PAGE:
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  • Question 1/9

    When a song gives you goosebumps, it may be because your body thinks you’re:

  • Answer 1/9

    When a song gives you goosebumps, it may be because your body thinks you’re:

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    Opera singers are trained to hit the same frequency and pitch of a human scream. Even though you’re not scared, your body may think you should be. Music isn’t the only thing that can cause these chills, also known as frisson. A roller coaster, hot bath, or fingernails on a chalkboard can do the same thing.

  • Question 1/9

    The one with the most sensitive hearing is:

  • Answer 1/9

    The one with the most sensitive hearing is:

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    This insect can hear frequencies up to 300 kilohertz -- about 100 higher than some bats, and Fido isn’t even close. Dogs hear frequencies up to about 60 kilohertz, and humans only up to 20.

  • Question 1/9

    Your inner ear has rocks in it.

  • Answer 1/9

    Your inner ear has rocks in it.

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    They’re tiny crystals. And if they move out of place, you can feel dizzy and like your head is spinning. This is called vertigo. It can happen for many reasons, like hitting your head, a migraine, ear surgery, or spending a long time on your back. You’re more likely to get it as you get older. It may go away on its own, but if not, there are treatments to help.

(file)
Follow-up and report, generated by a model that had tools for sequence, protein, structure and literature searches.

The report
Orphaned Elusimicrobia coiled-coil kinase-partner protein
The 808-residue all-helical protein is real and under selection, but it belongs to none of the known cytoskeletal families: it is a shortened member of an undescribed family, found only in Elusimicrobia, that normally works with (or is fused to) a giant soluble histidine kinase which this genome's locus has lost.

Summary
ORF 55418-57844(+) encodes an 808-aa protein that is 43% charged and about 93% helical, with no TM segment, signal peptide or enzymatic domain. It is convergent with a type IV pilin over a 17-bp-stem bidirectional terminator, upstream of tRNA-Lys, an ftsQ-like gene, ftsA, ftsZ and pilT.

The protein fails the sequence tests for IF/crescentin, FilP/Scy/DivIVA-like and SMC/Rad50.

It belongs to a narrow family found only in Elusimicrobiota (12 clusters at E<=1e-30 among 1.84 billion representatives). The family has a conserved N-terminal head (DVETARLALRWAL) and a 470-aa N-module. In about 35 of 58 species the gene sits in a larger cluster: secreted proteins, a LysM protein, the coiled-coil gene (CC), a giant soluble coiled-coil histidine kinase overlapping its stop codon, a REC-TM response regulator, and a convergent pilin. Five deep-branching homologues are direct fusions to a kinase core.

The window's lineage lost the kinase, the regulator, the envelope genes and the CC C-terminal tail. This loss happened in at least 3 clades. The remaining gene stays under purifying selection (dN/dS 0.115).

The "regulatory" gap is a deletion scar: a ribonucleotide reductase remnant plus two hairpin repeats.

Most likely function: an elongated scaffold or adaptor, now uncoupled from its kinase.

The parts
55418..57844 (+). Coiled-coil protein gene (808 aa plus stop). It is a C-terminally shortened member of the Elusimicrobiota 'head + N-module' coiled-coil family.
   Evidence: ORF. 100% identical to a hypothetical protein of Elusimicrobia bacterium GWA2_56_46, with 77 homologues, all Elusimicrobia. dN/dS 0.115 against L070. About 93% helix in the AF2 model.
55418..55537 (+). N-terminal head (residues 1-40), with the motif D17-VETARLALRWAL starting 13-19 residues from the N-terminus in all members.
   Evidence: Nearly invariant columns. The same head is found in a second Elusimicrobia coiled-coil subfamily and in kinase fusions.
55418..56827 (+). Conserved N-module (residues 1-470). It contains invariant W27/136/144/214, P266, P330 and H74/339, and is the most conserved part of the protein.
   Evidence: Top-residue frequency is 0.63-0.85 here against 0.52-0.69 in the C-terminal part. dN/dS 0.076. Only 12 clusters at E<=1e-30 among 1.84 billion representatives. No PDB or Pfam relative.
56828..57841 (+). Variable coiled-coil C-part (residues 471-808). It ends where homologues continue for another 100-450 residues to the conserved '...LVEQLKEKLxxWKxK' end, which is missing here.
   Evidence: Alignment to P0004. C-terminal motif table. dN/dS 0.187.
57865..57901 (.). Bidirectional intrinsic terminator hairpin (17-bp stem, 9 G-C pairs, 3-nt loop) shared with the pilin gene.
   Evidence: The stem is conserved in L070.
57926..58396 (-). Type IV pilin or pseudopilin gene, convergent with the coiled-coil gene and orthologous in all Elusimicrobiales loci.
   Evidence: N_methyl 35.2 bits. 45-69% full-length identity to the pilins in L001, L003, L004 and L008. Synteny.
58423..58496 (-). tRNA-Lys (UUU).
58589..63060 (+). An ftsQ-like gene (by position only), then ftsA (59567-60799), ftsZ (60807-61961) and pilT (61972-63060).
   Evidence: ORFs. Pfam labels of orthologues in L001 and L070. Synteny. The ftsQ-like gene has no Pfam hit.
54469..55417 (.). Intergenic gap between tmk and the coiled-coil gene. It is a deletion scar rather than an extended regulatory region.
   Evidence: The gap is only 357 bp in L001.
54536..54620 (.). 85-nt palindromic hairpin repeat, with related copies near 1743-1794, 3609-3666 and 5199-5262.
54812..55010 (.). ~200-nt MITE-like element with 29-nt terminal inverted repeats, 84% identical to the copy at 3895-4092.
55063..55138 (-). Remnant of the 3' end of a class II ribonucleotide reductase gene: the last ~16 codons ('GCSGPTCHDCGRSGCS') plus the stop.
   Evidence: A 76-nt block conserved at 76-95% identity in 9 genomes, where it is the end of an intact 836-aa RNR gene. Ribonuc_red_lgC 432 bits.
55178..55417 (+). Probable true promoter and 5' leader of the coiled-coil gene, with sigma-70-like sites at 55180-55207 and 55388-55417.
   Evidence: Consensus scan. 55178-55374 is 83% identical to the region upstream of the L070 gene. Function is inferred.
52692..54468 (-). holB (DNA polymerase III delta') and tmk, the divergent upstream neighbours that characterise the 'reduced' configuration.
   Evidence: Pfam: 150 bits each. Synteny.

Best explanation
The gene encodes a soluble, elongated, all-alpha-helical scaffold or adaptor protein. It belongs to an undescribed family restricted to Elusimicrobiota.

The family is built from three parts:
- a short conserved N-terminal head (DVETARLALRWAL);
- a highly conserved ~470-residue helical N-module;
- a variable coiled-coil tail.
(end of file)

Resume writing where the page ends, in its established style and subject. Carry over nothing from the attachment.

• Question 1/9

    Sound waves make your eardrums:

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    Sound waves make your eardrums:

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    The shape of your outer ear helps capture and direct these waves into your eardrum. The vibrations then pass through the tiny bones in your middle ear (called ossicles) to the innermost part of your ear (called the cochlea.)

  • Question 1/9

    The cochlea is shaped like a:

  • Answer 1/9

    The cochlea is shaped like a:

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    It’s full of tiny hair cells and fluid that pick up on the eardrum’s vibrations and send signals to your brain. There, your brain turns them into something you can understand: sound.

  • Answer 1/9

    Your ears help you stay balanced because they:

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    Canals and organs in your inner ear have sensors that tell your brain if you're staying still, moving side to side, or going up or down.

  • Question 1/9

    Hearing loss from listening to loud music will get better over time.

  • Answer 1/9

    Hearing loss from listening to loud music will get better over time.

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    Turn down the volume on your earbuds and don’t use them for hours at a time. Noise can hurt the tiny hairs in your cochlea, and messages won’t get to your brain like they should.